But, having made allowance for the truths just recounted, the Committee believe that the average of stories here bound together is high. They respond to the test of form and of life. “The Kitchen Gods” grows from five years of service to the women of China—service by the author, who is a doctor of medicine. “Porcelain Cups” testifies to the interest a genealogist finds in the Elizabethan Age and, more definitely, in the life of Christopher Marlowe. The hardships of David, in the story by Mr. Derieux, are those of a boy in a particular Southern neighbourhood the author knows. Miss Louise Rice, who boasts a strain of Romany blood, spends part of her year with the gypsies. Mr. Terhune is familiar, from the life, with his prototypes of “On Strike.” “Turkey Red” relates a real experience, suited to fiction or to poetry—if Wordsworth was right—for it is an instance of emotion remembered in tranquility. In these and all the others, the story’s the thing.
Some of them, perhaps, were produced because their creators were consciously concerned about the art of creation. “Blue Ice,” by Joseph Hergesheimer, proclaims itself a study in technique, a thing of careful workmanship. “Innocence,” by Rupert Hughes, with “Read It Again” and “The Story I Can’t Write” boldly announce his desire to get the most out of the material. “For They Know not What They Do,” an aspiration of spirit, is fashioned as firmly as the Woolworth Tower.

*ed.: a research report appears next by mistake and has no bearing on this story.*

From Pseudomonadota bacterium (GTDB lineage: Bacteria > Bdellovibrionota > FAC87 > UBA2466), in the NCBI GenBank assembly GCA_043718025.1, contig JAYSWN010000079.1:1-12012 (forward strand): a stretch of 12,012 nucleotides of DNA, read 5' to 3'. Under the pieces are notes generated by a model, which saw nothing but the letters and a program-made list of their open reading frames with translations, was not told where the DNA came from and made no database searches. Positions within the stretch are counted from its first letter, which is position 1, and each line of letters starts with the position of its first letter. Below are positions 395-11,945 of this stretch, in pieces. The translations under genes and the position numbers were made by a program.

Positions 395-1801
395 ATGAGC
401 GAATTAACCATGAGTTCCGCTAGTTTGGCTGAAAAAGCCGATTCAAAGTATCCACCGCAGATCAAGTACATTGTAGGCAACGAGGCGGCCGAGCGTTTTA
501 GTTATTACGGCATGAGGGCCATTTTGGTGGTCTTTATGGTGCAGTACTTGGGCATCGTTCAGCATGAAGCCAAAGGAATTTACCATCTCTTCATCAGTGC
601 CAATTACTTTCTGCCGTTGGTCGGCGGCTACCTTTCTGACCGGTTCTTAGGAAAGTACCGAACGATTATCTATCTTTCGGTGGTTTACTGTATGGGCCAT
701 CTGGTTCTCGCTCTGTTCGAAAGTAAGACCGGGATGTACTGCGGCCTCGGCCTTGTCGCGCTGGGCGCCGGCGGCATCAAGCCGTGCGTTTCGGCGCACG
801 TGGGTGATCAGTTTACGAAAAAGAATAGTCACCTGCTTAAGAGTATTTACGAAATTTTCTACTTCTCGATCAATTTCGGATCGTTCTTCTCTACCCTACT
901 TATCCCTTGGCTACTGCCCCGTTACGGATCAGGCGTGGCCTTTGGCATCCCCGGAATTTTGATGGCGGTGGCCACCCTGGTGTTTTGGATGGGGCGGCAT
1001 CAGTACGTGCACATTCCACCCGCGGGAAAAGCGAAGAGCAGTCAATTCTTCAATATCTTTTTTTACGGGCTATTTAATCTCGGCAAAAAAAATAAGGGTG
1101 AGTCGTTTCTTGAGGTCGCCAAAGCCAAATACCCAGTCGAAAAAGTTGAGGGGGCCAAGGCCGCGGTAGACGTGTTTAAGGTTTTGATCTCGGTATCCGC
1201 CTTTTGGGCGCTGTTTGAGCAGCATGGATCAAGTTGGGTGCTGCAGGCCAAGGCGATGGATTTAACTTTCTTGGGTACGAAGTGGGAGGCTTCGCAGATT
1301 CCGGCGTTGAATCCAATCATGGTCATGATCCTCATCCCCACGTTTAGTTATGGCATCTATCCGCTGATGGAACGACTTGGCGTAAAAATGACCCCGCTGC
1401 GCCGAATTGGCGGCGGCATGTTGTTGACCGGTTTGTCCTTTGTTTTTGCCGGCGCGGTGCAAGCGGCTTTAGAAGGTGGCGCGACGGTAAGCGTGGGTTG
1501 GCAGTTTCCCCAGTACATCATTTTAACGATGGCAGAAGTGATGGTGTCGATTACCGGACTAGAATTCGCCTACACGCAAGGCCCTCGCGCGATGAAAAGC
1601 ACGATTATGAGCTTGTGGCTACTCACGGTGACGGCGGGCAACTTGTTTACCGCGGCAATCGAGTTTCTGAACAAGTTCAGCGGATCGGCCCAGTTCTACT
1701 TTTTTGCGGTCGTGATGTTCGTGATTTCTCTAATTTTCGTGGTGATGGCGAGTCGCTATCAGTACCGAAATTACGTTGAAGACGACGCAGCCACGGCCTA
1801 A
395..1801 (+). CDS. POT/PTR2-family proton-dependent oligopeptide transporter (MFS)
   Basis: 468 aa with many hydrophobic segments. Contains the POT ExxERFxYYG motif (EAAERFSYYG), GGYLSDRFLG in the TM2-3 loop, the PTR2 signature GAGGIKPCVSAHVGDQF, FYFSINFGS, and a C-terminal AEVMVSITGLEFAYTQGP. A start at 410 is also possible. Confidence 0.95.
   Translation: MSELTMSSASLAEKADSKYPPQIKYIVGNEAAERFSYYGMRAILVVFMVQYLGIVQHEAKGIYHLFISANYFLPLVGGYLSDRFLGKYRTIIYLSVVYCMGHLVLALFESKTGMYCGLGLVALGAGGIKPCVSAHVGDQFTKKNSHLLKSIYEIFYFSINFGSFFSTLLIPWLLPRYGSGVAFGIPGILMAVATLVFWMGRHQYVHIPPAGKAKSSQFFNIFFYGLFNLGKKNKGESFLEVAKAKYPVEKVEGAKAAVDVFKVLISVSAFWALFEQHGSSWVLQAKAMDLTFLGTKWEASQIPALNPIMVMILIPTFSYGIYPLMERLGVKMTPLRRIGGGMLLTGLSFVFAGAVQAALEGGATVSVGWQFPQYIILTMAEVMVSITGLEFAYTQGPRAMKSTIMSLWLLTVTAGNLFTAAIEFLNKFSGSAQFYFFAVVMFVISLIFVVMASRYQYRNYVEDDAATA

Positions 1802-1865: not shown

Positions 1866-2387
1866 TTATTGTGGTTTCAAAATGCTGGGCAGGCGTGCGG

Just here it may be observed that the Committee noticed a tendency of the present day story which only the future can reveal as significant or insignificant. It is this: in spite of the American liking for the brief tale, as Poe termed it—the conte, as the French know it—in spite of an occasional call from magazines for stories of fewer than 5,000 words, yet the number of these narratives approaching perfection is considerably less than that of the longer story. Whether the long short-story gives greater entertainment to the greater number may be questioned. To state that it is farthest from the practice of O. Henry invites a logical and inevitable conclusion. He wrote two hundred stories averaging about fifteen pages each. Whether it may be greater literature is another matter; if it escapes tediousness it may impress by its weight. If the Committee had selected for publication all the longest stories in the list of thirty-two, this volume would contain the same number of words, but only half the titles.
The Honorary Committee expressed, some of them, to the Committee of Award certain preferences. William Marion Reedy wrote: “I read and printed one very good story called ‘Baby Fever.’ I think it is one of the best stories of the year.” John Phillips, though stating that he had not followed short stories very closely, thought the best one he had read “The Theatrical Sensation of Springtown,” by Bess Streeter Aldrich (American, December). Mrs. Edwin Markham commended Charles Finger’s